Tuesday, 26 August 2014

Book Review: After Party by Daryl Gregory

Pros: complicated & diverse characters, interesting plot

Cons: some far fetched action

Several years ago Lyda was part of a scientific company looking for a drug to cure schizophrenia.  But on the night of their success, the team was drugged, and the resultant overdose left one of them dead and the others seeing god.  Now in a mental hospital for delusions, Lyda encounters a young woman who’s symptoms resemble those of the drug her team created, NME 110, numenous.  In order to stop the drug from spreading in this new world where designer drugs can be printed onto paper and drug parties are de rigueur, Lyda gets herself released to hunt down the remaining members of the team and find out who’s behind it.

Be prepared to reread sections of this book in order to figure out what’s going on.  The author cleverly leaves out information that forces you - when you finally realize what’s missing - to reevaluate what’s happening.  The first one of these comes at the end of chapter one.

One aspect of the plot was easy to figure out, but other aspects kept me guessing until the very end.

I loved the diversity of the characters and how they each deal with their own… issues.  Most of the main characters have a mental problem of some sort, and these get exacerbated by the use - and abuse - of drugs.  Lyda, a middle aged black lesbian, is the point of view character for the majority of the book, and has a guardian angel thanks to NME 110.  As an atheist and scientist she knows the angel is part of her own psyche, but has to constantly remind herself that it’s not real.  Ollie is an ex-intelligence officer, whose abuse of drugs made her paranoid.  To counter those effects she must stay on different drugs, ones that dull her senses making it difficult for her to see as well as think analytically.  I loved Sasha as a character who overcomes the challenges she faces - both physical and mental - using technology.

With the exception of Sasha, who only comes in towards the end, and perhaps Dr. Gloria, the characters weren’t particularly likeable.  They were people dealing with difficult circumstances in realistic ways.  Lyda is often angry and demanding, not willing to listen to her conscience if it gets in the way of what she feels she needs to do.  At the same time, I didn’t dislike anyone, though Rovil is a bit irritating in how much of a pushover he is when faced with Lyda’s demands.

While I enjoyed watching Lyda get around her medical implant and deal with the Millies, I didn’t believe how things worked out with her getting into the US.  It seemed far fetched and over the top.  Though, I’m left wondering if Lyda was meant to be an unreliable narrator, and if so, whether her version of events is wilder than what actually happened.  I’ve got an example of why I think this might be the case in the spoiler section below.

This is an interesting book that looks into drug use, mental disorders, extreme belief systems and more.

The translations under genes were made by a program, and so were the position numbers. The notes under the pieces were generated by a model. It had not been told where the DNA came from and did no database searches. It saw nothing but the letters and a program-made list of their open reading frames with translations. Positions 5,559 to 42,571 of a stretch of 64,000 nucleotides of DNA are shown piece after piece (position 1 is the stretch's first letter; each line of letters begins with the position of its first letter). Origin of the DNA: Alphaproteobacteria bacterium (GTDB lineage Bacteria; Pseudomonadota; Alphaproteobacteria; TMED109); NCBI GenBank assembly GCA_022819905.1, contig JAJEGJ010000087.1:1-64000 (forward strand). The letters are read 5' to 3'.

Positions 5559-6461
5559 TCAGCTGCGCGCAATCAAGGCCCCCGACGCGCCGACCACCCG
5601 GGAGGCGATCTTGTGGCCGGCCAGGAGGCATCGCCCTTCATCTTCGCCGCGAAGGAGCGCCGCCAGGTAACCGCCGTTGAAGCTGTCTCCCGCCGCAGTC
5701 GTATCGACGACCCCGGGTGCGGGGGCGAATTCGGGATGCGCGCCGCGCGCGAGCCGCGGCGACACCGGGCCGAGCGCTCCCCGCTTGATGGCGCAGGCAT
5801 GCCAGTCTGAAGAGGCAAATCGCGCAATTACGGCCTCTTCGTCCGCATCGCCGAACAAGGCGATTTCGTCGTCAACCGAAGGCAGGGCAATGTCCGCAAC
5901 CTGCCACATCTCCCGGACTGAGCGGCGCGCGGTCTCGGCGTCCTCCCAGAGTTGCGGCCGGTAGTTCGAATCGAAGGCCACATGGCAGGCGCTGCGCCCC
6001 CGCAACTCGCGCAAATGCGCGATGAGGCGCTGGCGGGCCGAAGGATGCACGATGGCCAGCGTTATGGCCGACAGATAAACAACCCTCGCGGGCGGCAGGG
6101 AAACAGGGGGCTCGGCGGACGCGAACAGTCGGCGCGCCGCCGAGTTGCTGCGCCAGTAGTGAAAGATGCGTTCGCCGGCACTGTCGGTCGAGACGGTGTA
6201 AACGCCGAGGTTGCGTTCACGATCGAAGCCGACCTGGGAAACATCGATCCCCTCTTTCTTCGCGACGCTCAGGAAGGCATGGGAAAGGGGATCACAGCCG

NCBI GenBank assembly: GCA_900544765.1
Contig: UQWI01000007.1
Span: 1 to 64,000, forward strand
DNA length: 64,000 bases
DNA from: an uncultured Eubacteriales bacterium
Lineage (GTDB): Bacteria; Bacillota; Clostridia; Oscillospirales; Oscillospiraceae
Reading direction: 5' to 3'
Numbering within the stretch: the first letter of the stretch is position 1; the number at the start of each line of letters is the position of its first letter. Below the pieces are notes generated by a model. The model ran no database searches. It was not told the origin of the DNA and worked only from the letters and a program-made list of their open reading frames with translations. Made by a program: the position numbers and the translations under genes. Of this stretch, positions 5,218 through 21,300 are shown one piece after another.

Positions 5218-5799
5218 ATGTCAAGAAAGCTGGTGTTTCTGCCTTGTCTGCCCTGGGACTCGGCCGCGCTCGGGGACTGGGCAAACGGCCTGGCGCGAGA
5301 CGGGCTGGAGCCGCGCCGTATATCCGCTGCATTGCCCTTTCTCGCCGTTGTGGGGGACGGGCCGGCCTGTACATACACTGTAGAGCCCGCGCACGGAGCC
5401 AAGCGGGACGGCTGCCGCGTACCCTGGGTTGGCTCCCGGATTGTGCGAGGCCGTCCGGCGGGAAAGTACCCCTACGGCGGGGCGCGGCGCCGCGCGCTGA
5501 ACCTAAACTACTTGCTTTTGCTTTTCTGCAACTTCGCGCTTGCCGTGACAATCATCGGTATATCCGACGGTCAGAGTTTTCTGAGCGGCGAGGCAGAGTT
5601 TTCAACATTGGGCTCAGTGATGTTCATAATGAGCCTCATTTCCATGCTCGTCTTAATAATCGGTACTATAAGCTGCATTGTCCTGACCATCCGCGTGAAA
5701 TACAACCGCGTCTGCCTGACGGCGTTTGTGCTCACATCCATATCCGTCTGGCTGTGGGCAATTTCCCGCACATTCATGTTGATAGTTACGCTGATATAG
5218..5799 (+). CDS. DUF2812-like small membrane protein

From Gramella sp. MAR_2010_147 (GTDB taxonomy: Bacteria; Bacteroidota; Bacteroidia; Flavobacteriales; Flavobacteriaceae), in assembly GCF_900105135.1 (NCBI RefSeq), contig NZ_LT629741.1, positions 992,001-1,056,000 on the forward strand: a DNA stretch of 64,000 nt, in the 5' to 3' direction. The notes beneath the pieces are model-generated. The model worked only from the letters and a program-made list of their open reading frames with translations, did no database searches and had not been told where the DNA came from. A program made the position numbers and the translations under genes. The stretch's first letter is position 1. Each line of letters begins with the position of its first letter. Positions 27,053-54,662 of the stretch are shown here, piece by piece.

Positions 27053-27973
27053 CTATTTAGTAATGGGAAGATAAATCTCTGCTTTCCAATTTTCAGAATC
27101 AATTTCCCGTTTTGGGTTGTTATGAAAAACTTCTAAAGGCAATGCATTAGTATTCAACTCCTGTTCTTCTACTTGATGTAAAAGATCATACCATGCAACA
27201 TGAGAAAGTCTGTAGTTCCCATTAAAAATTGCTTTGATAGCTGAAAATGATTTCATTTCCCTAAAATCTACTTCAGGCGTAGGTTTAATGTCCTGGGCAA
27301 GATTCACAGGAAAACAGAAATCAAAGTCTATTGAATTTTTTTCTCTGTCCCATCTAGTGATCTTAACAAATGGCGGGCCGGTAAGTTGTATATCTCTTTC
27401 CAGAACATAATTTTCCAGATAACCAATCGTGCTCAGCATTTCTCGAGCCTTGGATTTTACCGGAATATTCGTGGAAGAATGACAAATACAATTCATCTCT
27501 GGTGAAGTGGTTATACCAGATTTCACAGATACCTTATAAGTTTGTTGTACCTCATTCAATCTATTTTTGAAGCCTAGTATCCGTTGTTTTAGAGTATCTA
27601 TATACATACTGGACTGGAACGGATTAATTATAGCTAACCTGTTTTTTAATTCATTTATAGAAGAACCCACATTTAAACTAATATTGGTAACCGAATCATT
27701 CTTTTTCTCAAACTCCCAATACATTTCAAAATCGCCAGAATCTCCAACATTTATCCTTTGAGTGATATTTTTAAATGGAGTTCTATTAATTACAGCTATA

*** Spoilers ***

The reason I suspect Lyda is an unreliable narrator is because there are major discrepancies between her description of what happened the night of the overdose and Rovil’s.  Rovil states that they all drank directly from the bottle and worried about how much of the drug would be lost due to the bubbling over of the champagne.  Lyda meanwhile pointed states that the bottle was open when Mikala arrived and that she poured it into glasses.  Psychology is a huge aspect of this book with regards to memory, hallucinations and free will.

Sunday, 24 August 2014

Shout-Out: The Freezer by Timothy S. Johnston

2402 AD
CCF homicide investigator Kyle Tanner and his girlfriend are on their way to Pluto, en route to a new life together. Just one little death to check out in the asteroid belt first. But when you’re as tangled up in conspiracy as Tanner is, a few hours on a case can change your life. Or end it.
The mystery is a strange one—one man dead, a cryptic message his dying breath. Still, Tanner’s ready to wrap it up until another gruesome murder shakes him to his core. The discovery of a microscopic bomb near his own heart offers the first faint clue, but the clock is ticking. He has four days….

A desperate search for answers takes Tanner to The Freezer, an isolated facility on one of Jupiter’s moons. With anti-CCF dissidents targeting the facility, a team of scientists conducting experiments the military would rather remain hidden, and a mysterious man in white hunting him on the ice, Tanner will have to choose his allies carefully. Putting his faith in the wrong person will leave him bleeding out in seconds.

Out tomorrow.

Friday, 22 August 2014

Blast From the Past: Ella Enchanted by Gail Carson Levine

Before I started reviewing books online I loved rereading my favourite SF/Fantasy books.  Since I don’t have time to do that anymore, this column is a trip down memory lane, where I’ll rave about books I love to read.  And then read again.  These aren’t reviews, as I won’t necessarily mention criticisms, they’re my chance to fan girl about books I love and hopefully garner some interest in some older titles.

Ella Enchanted is a retelling of Cinderella wherein a fairy curses Ella with the need to follow all orders she receives. She's advised early on to not let others learn of her affliction, because unscrupulous people could use it against her in devastating ways.  People like her father and new step-family.

I read this book because of the movie that came out in 2004 starring Anne Hathaway.  The book shares the same basic plot, but there are some major deviations, especially the ending and the amount of slapstick humour the movie relied upon.  

This is a kids book that's smart in all the right ways.  Ella is clever and funny, a good friend and kind person.  Watching her fall for the prince is a joy but the complications that arise from it are heart-wrenching.  It's also a book that will have you laughing out loud at some parts and crying softly at others.  But mostly laughing.  

It's s short book and a quick read, but one that will stay with you long after you close it.

Thursday, 21 August 2014

Shout-Out: And Death Will Seize the Doctor, Too by Jeremiah Swanson

Christian Thompson has the power to heal with the touch of his hands, but for every person he cures he must first kill someone else.
Now as he wrestles with not only having such a power but whether or not to use it, he faces the ultimate test and discovers he may not have any real choice. The road this battle leads him down will change not only his life, but perhaps the entire world forever.